Douglass: It's interesting that you're doing this cause of yours -- going with the doctors who perform these surgeries on all these children who need them so much -- it's interesting that you're doing this in Vietnam, the place where your husband was held for five and a half years as a prisoner of war. Do you think about that when you go to Vietnam?

Video: Cindy McCain stands by her man

McCain: Well, absolutely, I reflect on his history in Vietnam and all the things that occurred during the time frame that he was there. But that's not what this is about. I mean, we have moved way on, and John McCain will be the first one to say -- because as you know he was part of the normalization process, a big advocate of it -- and he was the first one to say, we move on. And we are great partners now, Vietnamese and the United States, and it is my pleasure -- I've been going to Vietnam for years now -- and it is my pleasure to return and be part of Operation Smile.

Douglass: So, let's just talk a little bit more about the election here. So Hillary Clinton is behind, less likely to get the nomination than Barack Obama. At this point though, who knows?

McCain: Yeah, exactly.

Douglass: But, certainly, looking at the way the voters have been casting their votes, she's getting a lot of votes, very strong support from women, many of whom are voting for her because she has the potential to be a breakthrough, historic candidate -- the first woman in the White House, potentially. As a woman, do you think that gender should be considered when one casts a ballot for president?

McCain: Not really, no. And I mean, even in my own voting... I can speak personally -- there are many, many women candidates in the state of Arizona, and many, many women elected officials -- I voted for the person and what they stood for, what their issues were, what I thought they could do for the state of Arizona, not what their gender was, certainly not what their color was, and certainly not where they came from. It's about being part of the solution and making sure that we do the best we can. And I've never voted gender, and I don't think that should be a part of what people do. Nevertheless, I know it is with some, and that's certainly their right and their honor to do so.

Douglass: But it would be more, in your view, about how a candidate would handle women's issues -- or maybe women's issues per se are not necessarily separate issues. What do you think about that?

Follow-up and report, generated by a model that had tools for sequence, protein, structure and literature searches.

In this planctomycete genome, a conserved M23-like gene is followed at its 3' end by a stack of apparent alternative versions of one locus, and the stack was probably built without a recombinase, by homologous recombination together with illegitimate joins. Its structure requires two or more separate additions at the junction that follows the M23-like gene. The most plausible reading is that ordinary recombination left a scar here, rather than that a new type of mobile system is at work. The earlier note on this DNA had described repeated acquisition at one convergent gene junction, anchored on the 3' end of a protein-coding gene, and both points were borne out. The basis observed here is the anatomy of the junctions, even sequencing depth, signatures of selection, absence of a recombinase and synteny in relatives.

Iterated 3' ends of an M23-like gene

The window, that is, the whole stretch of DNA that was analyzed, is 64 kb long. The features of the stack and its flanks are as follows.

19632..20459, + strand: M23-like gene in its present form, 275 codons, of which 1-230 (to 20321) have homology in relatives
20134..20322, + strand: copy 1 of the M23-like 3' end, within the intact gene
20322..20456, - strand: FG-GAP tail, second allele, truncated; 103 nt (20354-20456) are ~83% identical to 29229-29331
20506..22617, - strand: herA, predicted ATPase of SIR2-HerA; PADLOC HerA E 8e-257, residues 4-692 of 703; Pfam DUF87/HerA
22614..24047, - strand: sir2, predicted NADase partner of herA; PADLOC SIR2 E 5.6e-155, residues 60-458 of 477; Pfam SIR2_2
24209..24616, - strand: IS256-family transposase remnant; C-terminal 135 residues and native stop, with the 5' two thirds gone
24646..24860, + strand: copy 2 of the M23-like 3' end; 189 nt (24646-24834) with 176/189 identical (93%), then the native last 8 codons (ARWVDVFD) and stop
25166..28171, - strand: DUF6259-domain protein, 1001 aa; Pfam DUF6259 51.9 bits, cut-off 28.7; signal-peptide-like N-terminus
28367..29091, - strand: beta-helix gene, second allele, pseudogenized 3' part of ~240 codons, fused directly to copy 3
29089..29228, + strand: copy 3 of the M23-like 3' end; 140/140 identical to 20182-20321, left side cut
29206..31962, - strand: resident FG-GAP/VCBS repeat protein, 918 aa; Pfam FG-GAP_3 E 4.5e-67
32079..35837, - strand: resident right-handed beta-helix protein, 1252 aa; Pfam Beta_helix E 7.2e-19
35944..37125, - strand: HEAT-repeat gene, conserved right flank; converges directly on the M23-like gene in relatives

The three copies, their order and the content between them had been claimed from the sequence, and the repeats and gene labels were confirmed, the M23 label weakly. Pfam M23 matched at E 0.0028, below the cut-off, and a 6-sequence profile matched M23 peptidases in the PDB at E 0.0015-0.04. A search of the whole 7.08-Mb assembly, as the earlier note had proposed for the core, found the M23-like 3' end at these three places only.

McCain: Women's issues are our nation's issues. They are all one. And, again, I'm sitting here in New Orleans -– there are women's issues here, but it takes the nation to make this happen. So I just think it takes someone who understands the broad spectrum of issues, that has solutions for it, that is reasonable in thought, and that has the experience, most importantly. And certainly, I believe my husband has all those qualities, but I think it truly does come down to the bottom line of experience, in my opinion.

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Douglass: Which of the Democrats do you think would be easiest for John McCain to beat?

McCain: You know, I don't have an opinion on that. You know, we are certainly sitting back and running our campaign and moving on, making sure that the United States of America sees John McCain and what he does, what he believes in and what he stands for. Who knows? We have no opinion on who would be the best candidate at all.

Douglass: And finally, Mrs. McCain, it's probably not well known out in the country that you are a top executive with a company in Arizona that is a beer distributing company. How are you managing that? Are you still working while you are campaigning?

McCain: Well, as you know, my father passed away in 2000, and I became the chairman of the company after his death. And with the chairmanship brought my ability to be able to delegate, and to keep my great management team in place. So with the wonders of the Internet and cell phones these days, I do not have to be on site every day. However, I speak to my head guy nearly every day, and obviously I'm very involved and very interested in the industry, but I have a unique opportunity to be able to campaign with my husband and have good people on the ground in Arizona that take care of the day-to-day business for me.

Douglass: Well, thank you so much, Cindy McCain. Very interesting to hear how you are living your life out there on the campaign trail.

McCain: Thank you very much, Linda. It's a pleasure to talk to you.

Douglass: Thanks. Do come back and join us again.

McCain: Thank you.

Copyright 2012 by National Journal Group Inc.